Dr Iulia Cioroianu is a Prize Fellow at the Institute for Policy research at University of Bath. She holds a Ph.D. in political science from New York University and an M.A. in political science from Central European University. Before joining the IPR, she was a research fellow in the Q-Step Centre for quantitative social sciences at the University of Exeter, and a pre-doctoral fellow in the LSE Department of Methodology.

Iulia is a social data scientist who studies the effects of social media and online information exposure on political competition and polarization using natural language processing and quantitative text analysis, machine learning and survey experiments. Her work was published in Electoral Studies, Social Networks and AAAI conference proceedings, and was features in NCRM podcasts and research methods videos. She received an IBM Faculty Award as well as an ESRC IAA Innovation Fellowships, and is currently working with the IBM Centre for Advanced Studies in Amsterdam on the project Understanding News Bias (UNBias). The project develops algorithms for measuring topic-specific ideological positions in news articles, and a web browser extension which reveals these positions to users, while offering them the opportunity to read other articles on the same topic but which may present a different ideological perspective.

Course Content
Our world is increasingly being recorded as digital text, capturing human knowledge and interactions to an unprecedented level and providing a rich source of data for researchers across different academic disciplines and subjects. Consequently, computational text analysis methods and tools are becoming increasingly popular and starting to make their way into the core research methods curriculum.

This course is designed to provide social science researchers an entry point to computational text analysis. Participants will gain hands-on experience designing and implementing a quantitative text analysis research project and will learn to discuss, evaluate and interpret the results. Each class consists of a 2-hours lecture followed by a 1.5 hours lab in which participants apply the methods covered in the lecture.

We will start with an overview of computational text analysis methods and discuss examples of their application across multiple disciplines and research fields. We will then survey the main ways in which text data can be acquired and present several major online text data sources.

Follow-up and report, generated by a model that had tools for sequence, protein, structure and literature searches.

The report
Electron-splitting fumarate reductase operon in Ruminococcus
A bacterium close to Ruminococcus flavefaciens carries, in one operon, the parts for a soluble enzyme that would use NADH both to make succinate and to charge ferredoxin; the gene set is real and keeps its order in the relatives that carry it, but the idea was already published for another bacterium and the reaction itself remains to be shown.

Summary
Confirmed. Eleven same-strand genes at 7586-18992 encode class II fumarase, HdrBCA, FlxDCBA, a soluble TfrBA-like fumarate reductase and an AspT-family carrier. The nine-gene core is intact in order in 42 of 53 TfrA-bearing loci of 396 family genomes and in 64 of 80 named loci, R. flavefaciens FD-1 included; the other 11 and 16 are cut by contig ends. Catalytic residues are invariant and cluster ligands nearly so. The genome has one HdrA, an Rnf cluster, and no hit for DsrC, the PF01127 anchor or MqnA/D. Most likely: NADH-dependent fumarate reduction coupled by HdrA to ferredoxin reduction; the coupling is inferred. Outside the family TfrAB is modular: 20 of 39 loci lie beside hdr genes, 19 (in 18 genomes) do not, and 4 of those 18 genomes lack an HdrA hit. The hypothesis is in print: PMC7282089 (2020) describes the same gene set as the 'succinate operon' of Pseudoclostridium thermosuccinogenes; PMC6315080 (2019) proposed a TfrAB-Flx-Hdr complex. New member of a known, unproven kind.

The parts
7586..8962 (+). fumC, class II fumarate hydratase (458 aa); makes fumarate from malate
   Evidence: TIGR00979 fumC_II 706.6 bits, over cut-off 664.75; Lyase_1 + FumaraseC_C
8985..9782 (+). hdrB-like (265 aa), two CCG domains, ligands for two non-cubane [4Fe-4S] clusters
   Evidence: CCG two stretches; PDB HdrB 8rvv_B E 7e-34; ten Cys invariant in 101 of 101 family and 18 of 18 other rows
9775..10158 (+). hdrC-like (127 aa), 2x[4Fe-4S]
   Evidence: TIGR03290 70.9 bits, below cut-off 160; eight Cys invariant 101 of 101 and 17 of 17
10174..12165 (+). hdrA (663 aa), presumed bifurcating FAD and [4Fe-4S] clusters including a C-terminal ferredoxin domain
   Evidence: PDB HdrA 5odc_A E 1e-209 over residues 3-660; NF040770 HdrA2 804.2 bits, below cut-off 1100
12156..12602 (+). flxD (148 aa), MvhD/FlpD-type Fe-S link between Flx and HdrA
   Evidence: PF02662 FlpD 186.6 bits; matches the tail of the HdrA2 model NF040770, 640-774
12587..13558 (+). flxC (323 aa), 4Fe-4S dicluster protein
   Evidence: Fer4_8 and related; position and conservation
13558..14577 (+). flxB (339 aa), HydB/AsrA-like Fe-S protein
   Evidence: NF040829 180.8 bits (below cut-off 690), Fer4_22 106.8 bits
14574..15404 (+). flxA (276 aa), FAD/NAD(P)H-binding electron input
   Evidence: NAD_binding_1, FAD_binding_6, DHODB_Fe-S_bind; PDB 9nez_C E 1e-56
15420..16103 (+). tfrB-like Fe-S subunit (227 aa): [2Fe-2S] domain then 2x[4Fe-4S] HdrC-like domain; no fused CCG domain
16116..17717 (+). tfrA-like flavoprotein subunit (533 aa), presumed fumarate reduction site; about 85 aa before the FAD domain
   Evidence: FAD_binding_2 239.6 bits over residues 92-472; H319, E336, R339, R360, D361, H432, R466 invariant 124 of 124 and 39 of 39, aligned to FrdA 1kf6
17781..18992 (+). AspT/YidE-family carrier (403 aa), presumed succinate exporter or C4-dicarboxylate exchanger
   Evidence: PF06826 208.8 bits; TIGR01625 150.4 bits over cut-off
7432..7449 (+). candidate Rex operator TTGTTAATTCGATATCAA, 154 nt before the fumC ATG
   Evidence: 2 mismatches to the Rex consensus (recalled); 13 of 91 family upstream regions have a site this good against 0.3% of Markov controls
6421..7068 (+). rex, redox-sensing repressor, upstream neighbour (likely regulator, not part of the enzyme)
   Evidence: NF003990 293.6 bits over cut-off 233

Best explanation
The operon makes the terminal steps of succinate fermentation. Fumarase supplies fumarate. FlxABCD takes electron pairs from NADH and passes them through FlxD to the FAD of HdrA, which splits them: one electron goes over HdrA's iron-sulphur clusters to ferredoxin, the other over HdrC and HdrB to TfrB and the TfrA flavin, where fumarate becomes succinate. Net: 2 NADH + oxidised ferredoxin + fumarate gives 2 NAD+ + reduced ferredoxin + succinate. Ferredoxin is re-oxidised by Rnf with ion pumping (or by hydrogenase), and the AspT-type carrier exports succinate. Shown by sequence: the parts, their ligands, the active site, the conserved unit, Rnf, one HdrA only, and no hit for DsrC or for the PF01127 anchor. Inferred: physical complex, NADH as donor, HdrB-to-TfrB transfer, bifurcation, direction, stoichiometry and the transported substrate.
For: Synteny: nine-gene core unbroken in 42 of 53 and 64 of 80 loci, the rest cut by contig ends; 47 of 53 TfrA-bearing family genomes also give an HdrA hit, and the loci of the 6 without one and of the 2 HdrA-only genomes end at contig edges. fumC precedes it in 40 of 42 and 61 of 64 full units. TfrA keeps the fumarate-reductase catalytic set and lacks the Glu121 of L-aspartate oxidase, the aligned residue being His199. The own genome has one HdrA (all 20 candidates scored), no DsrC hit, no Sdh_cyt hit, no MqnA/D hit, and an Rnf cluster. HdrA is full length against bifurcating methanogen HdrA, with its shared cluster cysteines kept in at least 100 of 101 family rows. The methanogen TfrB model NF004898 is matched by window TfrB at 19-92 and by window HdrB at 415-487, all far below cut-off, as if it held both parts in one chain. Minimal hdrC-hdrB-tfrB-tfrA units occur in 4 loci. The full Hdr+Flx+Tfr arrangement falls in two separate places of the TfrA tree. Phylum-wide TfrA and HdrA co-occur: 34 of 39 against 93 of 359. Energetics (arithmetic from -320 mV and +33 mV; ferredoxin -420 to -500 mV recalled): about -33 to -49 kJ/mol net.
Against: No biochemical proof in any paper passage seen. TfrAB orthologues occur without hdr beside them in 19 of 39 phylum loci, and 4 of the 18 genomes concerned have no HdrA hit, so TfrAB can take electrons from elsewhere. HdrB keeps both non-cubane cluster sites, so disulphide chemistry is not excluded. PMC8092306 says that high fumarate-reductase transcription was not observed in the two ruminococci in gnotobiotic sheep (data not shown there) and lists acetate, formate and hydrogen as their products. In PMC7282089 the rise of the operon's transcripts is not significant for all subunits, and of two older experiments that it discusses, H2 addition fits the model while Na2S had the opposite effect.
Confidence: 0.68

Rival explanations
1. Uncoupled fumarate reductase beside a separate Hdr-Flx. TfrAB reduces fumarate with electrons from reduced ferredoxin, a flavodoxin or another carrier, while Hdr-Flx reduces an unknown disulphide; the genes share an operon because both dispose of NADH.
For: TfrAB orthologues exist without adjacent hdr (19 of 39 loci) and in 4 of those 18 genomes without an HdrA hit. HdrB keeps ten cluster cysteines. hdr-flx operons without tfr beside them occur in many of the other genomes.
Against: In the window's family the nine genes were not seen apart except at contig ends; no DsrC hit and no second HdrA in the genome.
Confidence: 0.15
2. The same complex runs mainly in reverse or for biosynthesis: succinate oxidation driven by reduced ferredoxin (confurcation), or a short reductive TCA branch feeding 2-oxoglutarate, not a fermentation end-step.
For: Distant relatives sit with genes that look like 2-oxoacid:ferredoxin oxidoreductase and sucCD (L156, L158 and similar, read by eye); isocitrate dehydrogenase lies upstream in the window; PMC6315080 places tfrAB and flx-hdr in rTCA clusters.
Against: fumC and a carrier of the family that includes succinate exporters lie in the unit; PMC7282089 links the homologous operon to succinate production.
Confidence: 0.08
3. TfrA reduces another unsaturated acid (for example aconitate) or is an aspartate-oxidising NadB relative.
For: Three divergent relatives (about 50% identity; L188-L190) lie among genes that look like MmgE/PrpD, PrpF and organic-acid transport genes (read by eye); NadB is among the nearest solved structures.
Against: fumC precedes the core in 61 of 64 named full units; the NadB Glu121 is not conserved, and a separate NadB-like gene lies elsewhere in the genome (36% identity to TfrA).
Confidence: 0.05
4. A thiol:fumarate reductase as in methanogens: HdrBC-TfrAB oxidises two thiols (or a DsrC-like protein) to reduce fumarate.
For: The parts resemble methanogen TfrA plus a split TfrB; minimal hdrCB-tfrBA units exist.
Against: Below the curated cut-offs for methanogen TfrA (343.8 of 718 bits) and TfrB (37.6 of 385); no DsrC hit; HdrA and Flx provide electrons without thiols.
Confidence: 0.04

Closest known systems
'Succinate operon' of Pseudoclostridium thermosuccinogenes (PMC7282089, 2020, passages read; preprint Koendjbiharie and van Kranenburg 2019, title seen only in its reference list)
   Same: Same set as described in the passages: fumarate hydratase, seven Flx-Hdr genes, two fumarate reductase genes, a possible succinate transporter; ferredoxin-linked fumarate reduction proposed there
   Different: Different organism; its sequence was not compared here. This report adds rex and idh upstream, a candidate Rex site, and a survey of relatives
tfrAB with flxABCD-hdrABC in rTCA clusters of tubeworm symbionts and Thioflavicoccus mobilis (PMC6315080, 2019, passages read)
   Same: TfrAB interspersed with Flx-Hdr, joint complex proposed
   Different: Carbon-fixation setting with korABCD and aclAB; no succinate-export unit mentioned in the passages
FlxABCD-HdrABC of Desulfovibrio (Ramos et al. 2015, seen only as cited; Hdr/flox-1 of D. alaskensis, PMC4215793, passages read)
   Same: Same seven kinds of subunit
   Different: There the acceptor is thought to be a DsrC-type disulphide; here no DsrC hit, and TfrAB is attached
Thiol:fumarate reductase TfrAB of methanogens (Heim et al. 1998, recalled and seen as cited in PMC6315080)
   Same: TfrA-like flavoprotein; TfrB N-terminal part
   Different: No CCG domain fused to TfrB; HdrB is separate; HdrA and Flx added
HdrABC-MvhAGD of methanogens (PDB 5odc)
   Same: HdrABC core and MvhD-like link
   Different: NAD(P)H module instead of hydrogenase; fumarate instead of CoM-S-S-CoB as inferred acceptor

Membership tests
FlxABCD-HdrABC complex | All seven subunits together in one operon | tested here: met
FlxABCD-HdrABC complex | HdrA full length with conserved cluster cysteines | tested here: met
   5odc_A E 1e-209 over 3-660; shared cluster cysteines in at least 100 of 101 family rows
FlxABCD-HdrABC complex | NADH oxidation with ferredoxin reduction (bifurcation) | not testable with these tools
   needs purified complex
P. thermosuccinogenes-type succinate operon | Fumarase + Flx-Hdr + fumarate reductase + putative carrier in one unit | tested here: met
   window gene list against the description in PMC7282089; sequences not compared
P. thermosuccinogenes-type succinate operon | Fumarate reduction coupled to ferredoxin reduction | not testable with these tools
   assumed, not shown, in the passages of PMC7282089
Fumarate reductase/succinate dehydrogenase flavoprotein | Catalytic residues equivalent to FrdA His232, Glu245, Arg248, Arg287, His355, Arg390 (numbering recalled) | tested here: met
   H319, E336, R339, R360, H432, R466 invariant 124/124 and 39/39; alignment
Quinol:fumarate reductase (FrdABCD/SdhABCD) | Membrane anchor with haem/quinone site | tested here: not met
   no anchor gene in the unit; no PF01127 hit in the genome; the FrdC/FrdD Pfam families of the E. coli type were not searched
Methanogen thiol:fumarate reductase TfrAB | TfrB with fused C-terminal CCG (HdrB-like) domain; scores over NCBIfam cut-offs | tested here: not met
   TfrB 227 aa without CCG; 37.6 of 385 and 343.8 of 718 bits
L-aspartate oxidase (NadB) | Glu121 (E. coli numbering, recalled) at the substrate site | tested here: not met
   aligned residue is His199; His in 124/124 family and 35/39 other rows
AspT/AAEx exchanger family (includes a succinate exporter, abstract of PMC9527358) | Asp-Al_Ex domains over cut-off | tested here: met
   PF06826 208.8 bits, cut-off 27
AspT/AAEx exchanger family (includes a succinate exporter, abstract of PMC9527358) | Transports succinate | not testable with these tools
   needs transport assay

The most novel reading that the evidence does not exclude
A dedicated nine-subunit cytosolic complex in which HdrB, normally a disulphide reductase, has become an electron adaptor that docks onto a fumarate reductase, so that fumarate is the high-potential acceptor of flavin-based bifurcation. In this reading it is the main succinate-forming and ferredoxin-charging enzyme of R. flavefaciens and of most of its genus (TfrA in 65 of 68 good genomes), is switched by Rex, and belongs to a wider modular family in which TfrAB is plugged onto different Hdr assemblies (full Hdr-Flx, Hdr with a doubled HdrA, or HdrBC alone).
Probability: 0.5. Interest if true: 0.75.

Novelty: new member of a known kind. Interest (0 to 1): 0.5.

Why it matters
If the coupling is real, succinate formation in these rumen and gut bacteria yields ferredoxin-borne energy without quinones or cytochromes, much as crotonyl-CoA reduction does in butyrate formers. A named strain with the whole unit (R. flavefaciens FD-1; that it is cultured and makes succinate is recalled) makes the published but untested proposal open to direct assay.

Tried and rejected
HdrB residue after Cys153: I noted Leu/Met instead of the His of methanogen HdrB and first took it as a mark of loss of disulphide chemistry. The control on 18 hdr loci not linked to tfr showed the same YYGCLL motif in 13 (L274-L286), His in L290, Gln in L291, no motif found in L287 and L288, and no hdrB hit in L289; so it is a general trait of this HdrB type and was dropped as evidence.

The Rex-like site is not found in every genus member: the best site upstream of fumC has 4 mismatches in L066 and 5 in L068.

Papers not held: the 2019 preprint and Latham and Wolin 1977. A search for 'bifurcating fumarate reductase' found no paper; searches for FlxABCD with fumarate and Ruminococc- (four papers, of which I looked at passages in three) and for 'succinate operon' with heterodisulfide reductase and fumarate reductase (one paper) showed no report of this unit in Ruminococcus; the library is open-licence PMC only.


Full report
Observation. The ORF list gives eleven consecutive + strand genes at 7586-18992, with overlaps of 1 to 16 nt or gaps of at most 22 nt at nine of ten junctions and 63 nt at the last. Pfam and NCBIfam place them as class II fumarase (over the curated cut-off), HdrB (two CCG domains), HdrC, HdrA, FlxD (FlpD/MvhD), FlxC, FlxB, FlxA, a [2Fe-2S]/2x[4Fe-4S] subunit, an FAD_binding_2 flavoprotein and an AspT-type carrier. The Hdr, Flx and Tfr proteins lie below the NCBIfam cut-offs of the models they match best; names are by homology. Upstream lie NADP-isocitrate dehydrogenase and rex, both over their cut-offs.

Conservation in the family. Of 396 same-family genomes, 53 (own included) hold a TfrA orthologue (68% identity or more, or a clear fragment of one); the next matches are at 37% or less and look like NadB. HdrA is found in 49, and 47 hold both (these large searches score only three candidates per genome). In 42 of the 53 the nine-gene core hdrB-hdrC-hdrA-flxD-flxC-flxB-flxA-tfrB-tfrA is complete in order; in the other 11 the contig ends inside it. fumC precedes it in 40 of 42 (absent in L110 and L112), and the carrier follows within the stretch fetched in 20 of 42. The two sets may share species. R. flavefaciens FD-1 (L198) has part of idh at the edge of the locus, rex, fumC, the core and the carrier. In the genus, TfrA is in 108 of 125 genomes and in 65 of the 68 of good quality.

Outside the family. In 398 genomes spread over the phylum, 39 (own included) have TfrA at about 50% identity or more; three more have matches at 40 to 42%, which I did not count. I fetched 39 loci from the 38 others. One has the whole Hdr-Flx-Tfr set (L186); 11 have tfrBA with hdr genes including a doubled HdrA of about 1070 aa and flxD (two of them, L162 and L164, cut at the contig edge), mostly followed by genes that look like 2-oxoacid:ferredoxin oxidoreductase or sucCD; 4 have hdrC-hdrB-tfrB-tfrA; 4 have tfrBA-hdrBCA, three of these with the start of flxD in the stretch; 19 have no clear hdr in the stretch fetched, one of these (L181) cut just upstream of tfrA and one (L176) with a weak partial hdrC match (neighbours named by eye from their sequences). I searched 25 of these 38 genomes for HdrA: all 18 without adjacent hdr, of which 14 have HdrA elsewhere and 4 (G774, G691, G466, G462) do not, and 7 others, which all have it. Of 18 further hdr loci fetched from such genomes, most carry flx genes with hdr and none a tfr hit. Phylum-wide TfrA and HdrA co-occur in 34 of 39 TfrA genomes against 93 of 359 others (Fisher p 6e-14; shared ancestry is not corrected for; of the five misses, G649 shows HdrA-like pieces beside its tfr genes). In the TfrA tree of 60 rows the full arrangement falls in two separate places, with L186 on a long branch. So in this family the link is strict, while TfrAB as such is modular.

The first steps in a text analysis research project – covering imputing, importing, manipulating and storing text data under different formats, as well as cleaning and processing it – often prove to be the most challenging for beginners. After addressing this initial set of issues we will study: the main ways in which text data can be turned into numbers; descriptive methods such as frequency tables and word clouds; automated dictionary methods (such as those developed to extract different emotions from text); text comparison methods (which are often used to study the diffusion and evolution of laws, policies and ideas); and text scaling methods (such as those used by political scientists to map the positions of political actors in the ideological space).

Finally, the course provides an introduction to machine learning applied to text data: supervised classification (routinely used in multiple disciplines to label large volumes of text documents based on a small subset of coded data) and unsupervised learning methods (as a very light introduction to topic modelling).

Course Objectives
At the end of the course, participants will have an understanding of the current quantitative text analysis research landscape, the ways in which computational text analysis can be applied to their area of interest and the main data sources, tools and methods available for further exploration. Participants will also gain hands-on experience designing and implementing a quantitative text analysis research project in R and will be able to discuss and interpret the results and acknowledge the limitations of the methods used.

Course Prerequisites
Familiarity with basic research design and statistical analysis is expected, and exposure to the R computing environment before the course is strongly encouraged.

Representative Background Reading
Grimmer, J., & Stewart, B. M. (2013). Text as data: The promise and pitfalls of automatic content analysis methods for political texts. Political Analysis, 21(3), 267–297.

Required texts

Silge, J., & Robinson, D. (2018). Text Mining with R: A Tidy Approach. O’Reilly Media Available online at https://www.tidytextmining.com

Background knowledge required
Statistics
OLS = elementary
Maximum Likelihood = elementary

Computer Background
R = elementary